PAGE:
Few entry-level motorbikes are as adept for aspiring track riders as KTM's RC line of sportbikes. The KTM RC, which is offered in three trim levels across several markets—125, 200, and 390—was created expressly to bring the aggressive ergonomics of a supersport to the street. It had undergone a number of changes since its first release in 2013, and now, ten years later, the small-displacement supersport lineup is better than ever before.
For the 2022 model year, the sportbike received its most significant modification since its introduction from KTM in 2013. The RC 390 introduced elements often seen on 1,000cc supersports to the table, making race-derived tech accessible to amateurs. These innovations included all-new bodywork, new wheels, and adjustments to the engine and electronics. The RC series of sportbikes is getting modest tweaks for the 2023 model year to give greater performance for those wishing to get the most out of this powerful yet approachable sportbike. Having said that, KTM makes all of its adjustments for a reason—no matter how major or minute.
The new KTM RC 125, 200, and 390 will have smoked windscreens for 2023 as opposed to the clear windshield featured on the model from the previous year. The bike's redesigned look divided a lot of people because it detracted from the previous generation's clean and athletic appearance with its bulbous front end and single headlamp. However, the new smoked windscreen, which was formerly available only on the GP Edition, is now standard for all models.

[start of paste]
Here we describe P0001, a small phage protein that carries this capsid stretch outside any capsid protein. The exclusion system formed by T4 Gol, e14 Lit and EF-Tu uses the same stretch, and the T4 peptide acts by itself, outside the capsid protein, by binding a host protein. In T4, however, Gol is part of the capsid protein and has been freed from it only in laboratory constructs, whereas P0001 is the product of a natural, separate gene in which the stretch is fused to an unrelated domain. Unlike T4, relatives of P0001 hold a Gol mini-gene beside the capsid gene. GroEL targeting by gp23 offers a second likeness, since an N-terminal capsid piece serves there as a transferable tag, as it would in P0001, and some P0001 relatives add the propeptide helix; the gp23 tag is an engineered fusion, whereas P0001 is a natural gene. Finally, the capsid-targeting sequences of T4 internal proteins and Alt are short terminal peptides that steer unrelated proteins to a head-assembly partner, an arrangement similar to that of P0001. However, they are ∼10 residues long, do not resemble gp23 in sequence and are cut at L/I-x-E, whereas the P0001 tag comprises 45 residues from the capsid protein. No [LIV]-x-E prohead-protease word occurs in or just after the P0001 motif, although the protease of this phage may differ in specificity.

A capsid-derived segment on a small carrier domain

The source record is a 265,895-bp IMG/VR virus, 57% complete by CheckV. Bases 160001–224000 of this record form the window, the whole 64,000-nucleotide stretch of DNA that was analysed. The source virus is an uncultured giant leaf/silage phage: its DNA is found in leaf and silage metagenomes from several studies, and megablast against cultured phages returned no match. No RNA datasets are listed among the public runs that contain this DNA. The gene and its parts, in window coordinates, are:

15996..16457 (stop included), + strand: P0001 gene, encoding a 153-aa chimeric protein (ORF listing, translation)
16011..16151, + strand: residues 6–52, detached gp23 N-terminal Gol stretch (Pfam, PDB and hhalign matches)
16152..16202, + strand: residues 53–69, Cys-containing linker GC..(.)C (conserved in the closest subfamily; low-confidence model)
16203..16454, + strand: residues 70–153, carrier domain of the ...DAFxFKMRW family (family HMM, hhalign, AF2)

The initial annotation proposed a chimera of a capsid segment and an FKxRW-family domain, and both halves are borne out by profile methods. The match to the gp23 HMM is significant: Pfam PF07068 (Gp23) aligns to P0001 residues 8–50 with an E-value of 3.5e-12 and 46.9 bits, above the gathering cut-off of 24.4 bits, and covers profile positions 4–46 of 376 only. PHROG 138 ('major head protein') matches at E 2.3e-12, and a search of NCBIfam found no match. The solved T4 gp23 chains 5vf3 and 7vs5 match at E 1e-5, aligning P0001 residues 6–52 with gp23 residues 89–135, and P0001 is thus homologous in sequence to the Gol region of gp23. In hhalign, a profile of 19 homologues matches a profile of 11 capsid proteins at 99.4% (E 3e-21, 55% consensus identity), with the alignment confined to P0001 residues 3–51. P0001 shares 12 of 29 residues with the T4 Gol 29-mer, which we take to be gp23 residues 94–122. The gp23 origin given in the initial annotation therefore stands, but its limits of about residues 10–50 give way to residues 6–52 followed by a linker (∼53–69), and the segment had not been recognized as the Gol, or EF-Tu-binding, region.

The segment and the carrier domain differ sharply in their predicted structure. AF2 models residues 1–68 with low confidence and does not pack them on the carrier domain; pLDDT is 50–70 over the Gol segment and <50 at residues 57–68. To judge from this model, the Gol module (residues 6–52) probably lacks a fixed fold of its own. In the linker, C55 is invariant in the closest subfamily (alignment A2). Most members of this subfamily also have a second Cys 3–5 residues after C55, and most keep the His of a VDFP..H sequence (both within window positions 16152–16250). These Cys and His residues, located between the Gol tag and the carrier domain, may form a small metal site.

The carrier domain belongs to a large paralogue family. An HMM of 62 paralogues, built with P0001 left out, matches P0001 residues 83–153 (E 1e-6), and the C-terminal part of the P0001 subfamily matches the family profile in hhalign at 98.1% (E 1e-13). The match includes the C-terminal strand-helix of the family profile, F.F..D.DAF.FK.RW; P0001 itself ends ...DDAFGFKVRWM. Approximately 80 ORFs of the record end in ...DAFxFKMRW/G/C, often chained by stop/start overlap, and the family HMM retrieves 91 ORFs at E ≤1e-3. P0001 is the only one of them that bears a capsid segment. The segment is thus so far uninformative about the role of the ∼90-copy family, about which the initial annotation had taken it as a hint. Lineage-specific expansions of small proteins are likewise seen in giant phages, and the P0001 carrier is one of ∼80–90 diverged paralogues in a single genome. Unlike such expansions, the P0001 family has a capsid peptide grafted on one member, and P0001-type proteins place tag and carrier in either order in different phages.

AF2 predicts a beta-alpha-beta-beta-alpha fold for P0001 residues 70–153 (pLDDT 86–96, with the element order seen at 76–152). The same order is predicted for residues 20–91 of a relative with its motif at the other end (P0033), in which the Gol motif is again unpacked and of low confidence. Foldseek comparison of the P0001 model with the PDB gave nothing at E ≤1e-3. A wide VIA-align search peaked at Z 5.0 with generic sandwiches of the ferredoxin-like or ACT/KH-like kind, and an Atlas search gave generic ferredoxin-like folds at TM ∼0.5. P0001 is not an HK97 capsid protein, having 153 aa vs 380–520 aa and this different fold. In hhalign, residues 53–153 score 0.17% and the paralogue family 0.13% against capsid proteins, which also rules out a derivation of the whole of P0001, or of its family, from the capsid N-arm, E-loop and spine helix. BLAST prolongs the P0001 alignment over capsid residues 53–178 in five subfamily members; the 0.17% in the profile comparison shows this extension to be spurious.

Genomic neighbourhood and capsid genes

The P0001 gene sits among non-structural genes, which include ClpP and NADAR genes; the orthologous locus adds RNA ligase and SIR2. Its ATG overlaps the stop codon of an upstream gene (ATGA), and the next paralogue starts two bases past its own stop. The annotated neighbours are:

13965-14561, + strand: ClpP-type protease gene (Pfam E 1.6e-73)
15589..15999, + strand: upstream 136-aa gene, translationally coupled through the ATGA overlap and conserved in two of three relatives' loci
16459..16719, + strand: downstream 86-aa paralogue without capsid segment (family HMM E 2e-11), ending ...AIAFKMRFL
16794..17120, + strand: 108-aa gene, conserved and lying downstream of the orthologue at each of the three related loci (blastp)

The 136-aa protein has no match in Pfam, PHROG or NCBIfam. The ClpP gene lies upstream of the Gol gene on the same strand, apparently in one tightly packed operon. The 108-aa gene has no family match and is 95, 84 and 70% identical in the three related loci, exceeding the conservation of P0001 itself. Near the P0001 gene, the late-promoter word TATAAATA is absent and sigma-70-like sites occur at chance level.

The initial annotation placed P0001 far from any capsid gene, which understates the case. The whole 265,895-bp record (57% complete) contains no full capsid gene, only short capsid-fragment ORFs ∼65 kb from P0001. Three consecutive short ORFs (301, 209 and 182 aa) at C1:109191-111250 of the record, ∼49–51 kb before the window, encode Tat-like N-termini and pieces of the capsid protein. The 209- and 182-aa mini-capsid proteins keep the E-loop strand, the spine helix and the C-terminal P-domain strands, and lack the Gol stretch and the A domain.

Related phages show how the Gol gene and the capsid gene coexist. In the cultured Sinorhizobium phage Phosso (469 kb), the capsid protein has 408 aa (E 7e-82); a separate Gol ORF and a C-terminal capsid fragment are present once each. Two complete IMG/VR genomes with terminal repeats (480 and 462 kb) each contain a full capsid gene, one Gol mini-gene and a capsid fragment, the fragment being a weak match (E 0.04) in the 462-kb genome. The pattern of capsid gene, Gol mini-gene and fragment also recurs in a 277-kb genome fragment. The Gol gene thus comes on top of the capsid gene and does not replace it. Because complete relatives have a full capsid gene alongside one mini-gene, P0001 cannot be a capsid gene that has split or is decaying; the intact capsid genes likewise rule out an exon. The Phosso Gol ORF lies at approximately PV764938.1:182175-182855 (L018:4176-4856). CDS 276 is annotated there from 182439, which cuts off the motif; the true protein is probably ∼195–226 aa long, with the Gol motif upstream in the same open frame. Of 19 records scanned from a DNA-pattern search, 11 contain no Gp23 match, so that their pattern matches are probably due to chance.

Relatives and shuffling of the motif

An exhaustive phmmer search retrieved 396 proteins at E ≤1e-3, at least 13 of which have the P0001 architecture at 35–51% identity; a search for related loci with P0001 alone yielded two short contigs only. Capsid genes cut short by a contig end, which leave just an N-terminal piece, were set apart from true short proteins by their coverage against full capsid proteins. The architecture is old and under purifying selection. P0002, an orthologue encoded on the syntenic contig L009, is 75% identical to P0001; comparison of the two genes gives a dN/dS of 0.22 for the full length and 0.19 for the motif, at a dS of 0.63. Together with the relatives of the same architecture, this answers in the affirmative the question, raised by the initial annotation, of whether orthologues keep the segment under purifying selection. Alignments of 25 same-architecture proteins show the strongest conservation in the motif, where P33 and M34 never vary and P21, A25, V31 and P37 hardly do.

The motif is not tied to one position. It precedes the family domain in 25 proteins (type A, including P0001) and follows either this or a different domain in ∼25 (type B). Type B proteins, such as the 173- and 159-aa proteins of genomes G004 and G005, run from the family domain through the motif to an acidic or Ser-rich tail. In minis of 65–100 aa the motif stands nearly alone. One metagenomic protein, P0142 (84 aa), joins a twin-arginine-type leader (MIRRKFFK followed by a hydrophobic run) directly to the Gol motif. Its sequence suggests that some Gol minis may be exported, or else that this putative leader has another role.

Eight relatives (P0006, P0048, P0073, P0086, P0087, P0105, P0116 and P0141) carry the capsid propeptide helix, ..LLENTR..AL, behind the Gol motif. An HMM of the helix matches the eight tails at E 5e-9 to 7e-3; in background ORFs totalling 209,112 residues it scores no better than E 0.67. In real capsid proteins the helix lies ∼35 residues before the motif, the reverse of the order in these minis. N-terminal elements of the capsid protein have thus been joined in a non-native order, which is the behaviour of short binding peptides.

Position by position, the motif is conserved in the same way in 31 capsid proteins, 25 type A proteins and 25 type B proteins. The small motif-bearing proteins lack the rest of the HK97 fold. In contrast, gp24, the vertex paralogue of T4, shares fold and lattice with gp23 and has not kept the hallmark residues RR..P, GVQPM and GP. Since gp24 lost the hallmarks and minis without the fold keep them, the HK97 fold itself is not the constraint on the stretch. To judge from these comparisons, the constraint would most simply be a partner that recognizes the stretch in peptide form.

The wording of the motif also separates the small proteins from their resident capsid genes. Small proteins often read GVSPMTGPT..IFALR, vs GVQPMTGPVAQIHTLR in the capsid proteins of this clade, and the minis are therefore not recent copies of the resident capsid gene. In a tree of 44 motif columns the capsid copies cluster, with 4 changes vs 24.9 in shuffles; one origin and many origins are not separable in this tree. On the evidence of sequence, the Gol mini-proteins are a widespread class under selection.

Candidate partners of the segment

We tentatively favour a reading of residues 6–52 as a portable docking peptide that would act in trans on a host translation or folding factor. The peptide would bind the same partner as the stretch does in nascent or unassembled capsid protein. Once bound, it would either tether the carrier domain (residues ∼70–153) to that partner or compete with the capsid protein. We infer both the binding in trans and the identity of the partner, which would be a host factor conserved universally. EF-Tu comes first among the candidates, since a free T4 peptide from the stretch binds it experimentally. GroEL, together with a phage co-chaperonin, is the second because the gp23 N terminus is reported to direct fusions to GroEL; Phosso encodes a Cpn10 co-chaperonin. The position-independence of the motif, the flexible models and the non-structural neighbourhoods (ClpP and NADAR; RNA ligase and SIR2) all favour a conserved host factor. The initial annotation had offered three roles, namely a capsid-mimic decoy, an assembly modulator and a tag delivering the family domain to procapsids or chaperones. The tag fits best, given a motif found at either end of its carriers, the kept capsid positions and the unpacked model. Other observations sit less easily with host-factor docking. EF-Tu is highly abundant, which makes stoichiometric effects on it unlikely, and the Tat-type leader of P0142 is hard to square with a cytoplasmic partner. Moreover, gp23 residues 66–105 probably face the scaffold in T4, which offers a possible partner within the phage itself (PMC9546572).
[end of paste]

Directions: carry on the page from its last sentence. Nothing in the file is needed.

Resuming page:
The 373cc, liquid-cooled, fuel-injected, single-cylinder KTM engine continues to be used in the current generation RC 390, which is particularly outstanding. With the addition of the cutting-edge tech package, which includes superior WP Suspension components, switchable ABS, and several riding modes, you can have an accessible sportbike that is just as much fun to ride on the track as it is on winding canyon roads.
In the local market, KTM’s race-inspired supersport is available in two versions—the beginner-friendly RC 200, with KTM’s 199cc liquid-cooled, fuel-injected, single cylinder engine cranking out 25 horsepower. Those looking for a more powerful machine can opt for the RC 390, with KTM’s tried and tested 373cc, liquid-cooled, fuel-injected, single-cylinder engine. In their current trim levels, the KTM RC 200 retails for P198,000. Meanwhile the RC 390 carries a retail price of P335,000.